Two opposing field players are going up for a header. If one of the players jumped up and over the opponent, knocking the opponent out of the way or to the ground, I’d be calling a foul.
What if the jumping player in the above scenario was a goalkeeper trying to reach a ball with her hands? Is the goalkeeper given any special allowances? I heard an instructor say “yes” and that fouls in this sort of situation are not called (as seen on TV), but it seems to me that the defender has just as much right to fairly challenge for the ball as the goalkeeper and to not be unfairly charged/pushed/struck.
(I indicated a game level of U13-19, but would the answer be different if we’re talking about pros?)
USSF answer (July 18, 2011):
What referees call and what referees SHOULD call are often two different things. The Interpretation of the Laws of the Game and Guidelines for Referees (p. 114) tells us: “All players have a right to their position on the field of play, being in the way of an opponent is not the same as moving into the way of an opponent.” In other words, no player, whether field player or goalkeeper, is allowed to go through any other player, whether field player or goalkeeper, to get to the ball.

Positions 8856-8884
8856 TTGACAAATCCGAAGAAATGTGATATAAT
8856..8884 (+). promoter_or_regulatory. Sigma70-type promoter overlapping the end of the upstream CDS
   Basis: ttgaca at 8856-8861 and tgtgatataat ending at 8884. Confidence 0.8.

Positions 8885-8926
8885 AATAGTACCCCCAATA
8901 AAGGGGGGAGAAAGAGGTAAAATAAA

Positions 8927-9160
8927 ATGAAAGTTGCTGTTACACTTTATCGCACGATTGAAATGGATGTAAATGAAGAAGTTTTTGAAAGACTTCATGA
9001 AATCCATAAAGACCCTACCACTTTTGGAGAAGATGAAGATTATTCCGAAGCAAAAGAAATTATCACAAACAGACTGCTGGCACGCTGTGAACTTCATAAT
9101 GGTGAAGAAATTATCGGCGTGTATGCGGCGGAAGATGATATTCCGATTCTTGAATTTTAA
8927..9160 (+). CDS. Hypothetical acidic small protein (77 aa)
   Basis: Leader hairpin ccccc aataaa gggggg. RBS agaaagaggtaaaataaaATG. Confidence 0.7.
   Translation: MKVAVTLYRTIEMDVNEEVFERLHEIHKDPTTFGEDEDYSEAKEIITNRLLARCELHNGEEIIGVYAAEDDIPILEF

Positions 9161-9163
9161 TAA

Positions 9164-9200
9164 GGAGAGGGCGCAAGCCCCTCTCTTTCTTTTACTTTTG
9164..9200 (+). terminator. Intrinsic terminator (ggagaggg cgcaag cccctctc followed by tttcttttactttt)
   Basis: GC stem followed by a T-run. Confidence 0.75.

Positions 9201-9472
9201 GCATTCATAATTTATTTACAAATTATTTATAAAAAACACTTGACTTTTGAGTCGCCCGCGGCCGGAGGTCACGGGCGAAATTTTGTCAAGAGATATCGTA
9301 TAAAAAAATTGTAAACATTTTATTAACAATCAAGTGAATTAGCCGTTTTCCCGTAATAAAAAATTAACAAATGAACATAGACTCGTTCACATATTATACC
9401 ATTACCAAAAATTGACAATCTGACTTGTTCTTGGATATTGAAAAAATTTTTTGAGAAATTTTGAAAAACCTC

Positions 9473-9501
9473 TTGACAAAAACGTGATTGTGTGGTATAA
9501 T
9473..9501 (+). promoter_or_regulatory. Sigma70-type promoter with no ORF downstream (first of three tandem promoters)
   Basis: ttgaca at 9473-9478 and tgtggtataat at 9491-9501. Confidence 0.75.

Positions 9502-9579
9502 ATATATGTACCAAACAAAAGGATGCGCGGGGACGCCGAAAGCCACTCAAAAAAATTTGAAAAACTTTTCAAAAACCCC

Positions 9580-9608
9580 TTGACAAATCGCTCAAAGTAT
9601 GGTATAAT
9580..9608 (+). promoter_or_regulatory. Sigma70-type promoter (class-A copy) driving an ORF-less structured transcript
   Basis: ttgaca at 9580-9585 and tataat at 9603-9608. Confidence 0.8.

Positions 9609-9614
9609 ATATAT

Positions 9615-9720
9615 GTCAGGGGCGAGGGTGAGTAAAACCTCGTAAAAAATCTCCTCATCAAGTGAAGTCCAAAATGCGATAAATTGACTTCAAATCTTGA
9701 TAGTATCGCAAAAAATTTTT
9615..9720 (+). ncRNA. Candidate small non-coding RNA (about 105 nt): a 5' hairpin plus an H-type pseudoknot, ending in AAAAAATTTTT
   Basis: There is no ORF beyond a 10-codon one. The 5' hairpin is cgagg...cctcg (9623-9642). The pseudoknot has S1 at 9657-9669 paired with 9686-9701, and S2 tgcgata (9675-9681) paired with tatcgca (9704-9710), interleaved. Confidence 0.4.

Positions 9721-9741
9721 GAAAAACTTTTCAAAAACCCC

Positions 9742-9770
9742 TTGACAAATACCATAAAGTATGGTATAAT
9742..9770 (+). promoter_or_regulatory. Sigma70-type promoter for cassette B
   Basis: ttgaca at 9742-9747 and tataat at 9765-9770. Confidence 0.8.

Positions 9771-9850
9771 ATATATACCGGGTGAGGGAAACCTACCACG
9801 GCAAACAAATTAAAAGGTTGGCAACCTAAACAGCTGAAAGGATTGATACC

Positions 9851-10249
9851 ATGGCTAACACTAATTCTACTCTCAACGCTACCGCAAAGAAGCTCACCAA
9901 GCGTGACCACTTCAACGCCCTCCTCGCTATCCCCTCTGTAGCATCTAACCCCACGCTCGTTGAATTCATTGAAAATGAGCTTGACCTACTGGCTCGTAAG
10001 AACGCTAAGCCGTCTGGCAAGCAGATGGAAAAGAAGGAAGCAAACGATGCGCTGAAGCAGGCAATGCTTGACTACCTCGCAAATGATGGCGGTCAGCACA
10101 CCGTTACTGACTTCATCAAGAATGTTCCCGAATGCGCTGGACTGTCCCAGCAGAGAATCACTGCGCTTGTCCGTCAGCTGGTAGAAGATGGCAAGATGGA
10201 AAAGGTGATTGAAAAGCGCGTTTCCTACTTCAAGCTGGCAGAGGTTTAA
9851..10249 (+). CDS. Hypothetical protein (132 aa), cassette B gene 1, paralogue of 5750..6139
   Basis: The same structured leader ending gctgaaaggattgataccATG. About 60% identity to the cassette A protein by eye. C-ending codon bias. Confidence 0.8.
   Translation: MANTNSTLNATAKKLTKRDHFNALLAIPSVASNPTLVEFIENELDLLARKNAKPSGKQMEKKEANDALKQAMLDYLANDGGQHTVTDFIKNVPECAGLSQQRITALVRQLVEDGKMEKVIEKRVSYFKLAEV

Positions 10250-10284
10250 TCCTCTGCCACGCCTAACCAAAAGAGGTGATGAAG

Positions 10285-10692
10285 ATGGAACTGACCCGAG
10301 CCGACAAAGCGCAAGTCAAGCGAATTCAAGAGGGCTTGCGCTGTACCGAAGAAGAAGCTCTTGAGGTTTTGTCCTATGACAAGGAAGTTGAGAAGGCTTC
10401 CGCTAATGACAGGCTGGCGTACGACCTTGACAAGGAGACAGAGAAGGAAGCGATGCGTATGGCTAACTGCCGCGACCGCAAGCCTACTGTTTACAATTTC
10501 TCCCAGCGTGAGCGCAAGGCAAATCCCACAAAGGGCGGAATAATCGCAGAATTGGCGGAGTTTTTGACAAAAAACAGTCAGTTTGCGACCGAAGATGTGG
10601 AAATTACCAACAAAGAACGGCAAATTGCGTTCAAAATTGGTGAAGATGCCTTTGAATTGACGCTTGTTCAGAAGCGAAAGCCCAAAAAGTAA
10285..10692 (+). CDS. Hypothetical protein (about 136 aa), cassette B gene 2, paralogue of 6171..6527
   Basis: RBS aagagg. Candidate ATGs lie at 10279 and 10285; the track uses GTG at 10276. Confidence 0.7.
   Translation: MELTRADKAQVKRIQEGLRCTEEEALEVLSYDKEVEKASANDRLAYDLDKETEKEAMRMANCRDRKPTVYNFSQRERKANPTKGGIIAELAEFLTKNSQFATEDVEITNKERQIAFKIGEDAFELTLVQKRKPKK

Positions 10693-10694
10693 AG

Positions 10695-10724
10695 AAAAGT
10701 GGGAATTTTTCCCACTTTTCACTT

Because the goalkeeper’s position is inherently dangerous (subject to hard challenges in the air, diving to the ground, lying on the ground, etc.), goalkeepers are allowed some leeway in doing their job. This means that they are permitted to reach over players and make some contact with the opponent, as long as it is not done carelessly, recklessly, or with excessive force.
Defenders or attackers, on the other hand, must take their chances as they find them. Jumping straight up or backing in to win the ball is not a foul unless the opponent is already in the air and moving to play the ball.